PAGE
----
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Gramáticas de lo inaudito as Decolonial Grammars: Notes for a Decolonization of Listening

In: Research in Phenomenology
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  • 1 Professor, Department of Hispanic Studies, University of California, Riverside, Riverside, CA, USA
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Abstract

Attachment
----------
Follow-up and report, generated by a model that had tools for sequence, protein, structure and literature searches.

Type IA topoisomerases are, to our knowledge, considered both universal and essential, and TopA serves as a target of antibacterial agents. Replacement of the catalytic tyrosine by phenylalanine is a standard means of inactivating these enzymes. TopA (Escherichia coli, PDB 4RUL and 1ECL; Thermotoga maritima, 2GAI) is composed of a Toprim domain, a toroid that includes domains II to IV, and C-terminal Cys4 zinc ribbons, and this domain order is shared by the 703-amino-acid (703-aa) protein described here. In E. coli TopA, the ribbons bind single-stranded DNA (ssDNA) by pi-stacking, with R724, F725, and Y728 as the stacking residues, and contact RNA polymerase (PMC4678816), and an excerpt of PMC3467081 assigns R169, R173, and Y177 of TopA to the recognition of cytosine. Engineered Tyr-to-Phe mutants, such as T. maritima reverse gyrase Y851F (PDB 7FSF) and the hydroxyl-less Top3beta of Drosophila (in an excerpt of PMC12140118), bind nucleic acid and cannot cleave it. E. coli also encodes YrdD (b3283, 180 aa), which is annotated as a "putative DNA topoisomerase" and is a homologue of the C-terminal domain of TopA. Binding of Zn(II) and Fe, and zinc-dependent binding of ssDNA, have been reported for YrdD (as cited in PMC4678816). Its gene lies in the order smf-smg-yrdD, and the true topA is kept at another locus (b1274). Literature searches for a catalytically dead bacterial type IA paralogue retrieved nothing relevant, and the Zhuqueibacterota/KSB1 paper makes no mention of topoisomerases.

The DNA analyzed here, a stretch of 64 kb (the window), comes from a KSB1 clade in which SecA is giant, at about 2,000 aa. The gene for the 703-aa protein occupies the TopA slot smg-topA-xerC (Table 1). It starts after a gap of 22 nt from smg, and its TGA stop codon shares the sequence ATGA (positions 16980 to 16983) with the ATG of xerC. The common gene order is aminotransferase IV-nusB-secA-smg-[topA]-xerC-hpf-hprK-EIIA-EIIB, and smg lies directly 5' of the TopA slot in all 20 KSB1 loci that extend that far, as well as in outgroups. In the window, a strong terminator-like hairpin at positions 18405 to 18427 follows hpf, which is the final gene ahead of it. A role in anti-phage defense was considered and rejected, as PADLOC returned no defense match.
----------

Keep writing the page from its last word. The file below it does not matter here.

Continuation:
This paper proposes to reflect self-critically on an ongoing research project entitled “Grammars of listening,” which started as a philosophical approach to the question of listening at the site of trauma and the challenges this kind of listening poses to our conceptions of memory and history, and has recently shifted to asking about the possible limitations to such a reflection when confronted with a decolonial perspective on temporality. I start by presenting a conceptual background for my inquiry, and asking what kind of listening is required when trauma is considered as a colonizing form of violence – that is, when its effects are not only understood as an assault on life but on the conditions of production of sense that make life legible. Following the kind of challenges that such an understanding of trauma poses to the responsibility to listen to its testimony, the paper moves on to propose that only a decolonial approach to listening can truly do justice to the task of rendering testimonies of traumatic violence audible. By decolonizing the frameworks that organize and determine colonial and colonizing distributions of sense, I propose that grammars of lo inaudito understood as decolonial grammars contribute to resisting and disorganizing the criteria for legibility and audibility that colonizing forms of violence not only institute but constantly actualize in their attempt to perpetuate their silencing power.

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